Having trouble sleeping? The National Sleep Foundation’s 2002 Sleep in America poll showed that 58% of adults in the USA experienced symptoms of insomnia a few nights a week or more. Insomnia is 40% more common in women than in men.
What is insomnia? It is a sleep disorder in which there is an inability to fall asleep or to stay asleep as long as desired. Insomnia is most often thought as both a sign and a symptom that can accompany several sleep, medical, and psychiatric disorders characterized by a persistent difficulty falling asleep or sleep of poor quality. It can occur at any age, but it is particularly common in the elderly.
Insomnia can be classified as transient, acute or chronic. Chronic insomnia affects the overall health of our body. It can have negative effects on the hearts of otherwise healthy individuals. Insomnia provokes higher nighttime blood pressure that can cause long-term cardiovascular risks and damage the heart. Besides, insomnia’s effects can vary according to its causes. They might include muscular fatigue, hallucinations or mental fatigue.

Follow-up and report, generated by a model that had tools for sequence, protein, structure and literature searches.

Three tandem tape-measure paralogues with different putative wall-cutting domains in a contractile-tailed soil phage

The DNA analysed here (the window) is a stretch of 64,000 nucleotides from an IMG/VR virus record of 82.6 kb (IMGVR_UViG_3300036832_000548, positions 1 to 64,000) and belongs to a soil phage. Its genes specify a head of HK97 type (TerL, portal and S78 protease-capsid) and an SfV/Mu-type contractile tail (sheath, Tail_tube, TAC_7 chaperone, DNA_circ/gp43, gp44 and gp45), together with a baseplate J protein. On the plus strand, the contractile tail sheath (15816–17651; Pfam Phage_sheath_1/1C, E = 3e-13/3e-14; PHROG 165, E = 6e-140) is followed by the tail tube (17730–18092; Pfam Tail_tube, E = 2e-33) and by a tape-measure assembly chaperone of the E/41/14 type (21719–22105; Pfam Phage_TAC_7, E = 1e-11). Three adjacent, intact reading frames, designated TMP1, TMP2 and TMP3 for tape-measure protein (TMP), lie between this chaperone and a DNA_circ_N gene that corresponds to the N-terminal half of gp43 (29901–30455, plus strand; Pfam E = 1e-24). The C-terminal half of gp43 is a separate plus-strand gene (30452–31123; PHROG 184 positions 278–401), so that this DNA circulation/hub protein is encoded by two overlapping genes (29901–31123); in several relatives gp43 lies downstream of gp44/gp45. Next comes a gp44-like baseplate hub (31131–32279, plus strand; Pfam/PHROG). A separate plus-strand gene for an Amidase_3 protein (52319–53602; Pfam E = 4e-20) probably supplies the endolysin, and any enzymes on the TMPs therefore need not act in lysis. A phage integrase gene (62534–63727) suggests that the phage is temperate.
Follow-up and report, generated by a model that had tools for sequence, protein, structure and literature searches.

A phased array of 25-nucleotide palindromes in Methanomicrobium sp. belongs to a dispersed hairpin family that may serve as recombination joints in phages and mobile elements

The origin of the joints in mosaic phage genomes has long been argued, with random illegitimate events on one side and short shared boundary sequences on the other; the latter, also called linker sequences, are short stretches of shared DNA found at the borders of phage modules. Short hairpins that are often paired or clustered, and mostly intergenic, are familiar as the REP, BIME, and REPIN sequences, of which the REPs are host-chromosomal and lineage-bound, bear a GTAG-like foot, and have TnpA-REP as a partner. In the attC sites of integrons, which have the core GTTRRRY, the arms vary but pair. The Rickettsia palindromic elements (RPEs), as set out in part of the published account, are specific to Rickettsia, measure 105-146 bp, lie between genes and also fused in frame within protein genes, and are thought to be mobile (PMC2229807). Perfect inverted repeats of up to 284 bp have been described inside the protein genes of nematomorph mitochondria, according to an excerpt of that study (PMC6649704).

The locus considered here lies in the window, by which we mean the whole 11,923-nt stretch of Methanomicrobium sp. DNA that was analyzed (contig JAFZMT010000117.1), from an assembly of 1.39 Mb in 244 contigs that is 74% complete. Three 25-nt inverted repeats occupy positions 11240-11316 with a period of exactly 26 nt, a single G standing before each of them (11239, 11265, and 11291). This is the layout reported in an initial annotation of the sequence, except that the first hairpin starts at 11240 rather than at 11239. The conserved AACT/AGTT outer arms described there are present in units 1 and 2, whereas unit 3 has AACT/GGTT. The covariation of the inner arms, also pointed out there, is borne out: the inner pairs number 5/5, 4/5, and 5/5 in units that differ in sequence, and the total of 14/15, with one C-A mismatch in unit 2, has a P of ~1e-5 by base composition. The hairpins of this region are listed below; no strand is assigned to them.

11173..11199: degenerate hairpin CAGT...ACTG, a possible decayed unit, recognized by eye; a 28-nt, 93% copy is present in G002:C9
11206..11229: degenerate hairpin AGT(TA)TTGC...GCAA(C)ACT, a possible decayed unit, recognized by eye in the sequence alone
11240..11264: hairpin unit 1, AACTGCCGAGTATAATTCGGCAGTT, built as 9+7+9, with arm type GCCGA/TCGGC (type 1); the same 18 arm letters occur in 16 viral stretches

How does one get insomnia? Emotional issues such as stress, anxiety, depression cause half of all insomnia cases. Daytime habits, sleep routine, and physical health may also play a role. Stress such as job loss, death of a loved one, divorce can be the main cause of getting insomnia. Some medications that are used to treat colds, allergies, depression and asthma may interfere with sleep. Do not worry as there are many cures and treatments for insomnia. If you think you have insomnia, feel free to consult your health care provider or psychologist. You may be asked to keep a sleep diary for a week or two, keeping track of your sleep patterns. Help yourself by supporting your biological clock by going to bed and getting up at almost the same time every day, including weekends. This will help you get back in a regular sleep rhythm. Listening to soft music while...
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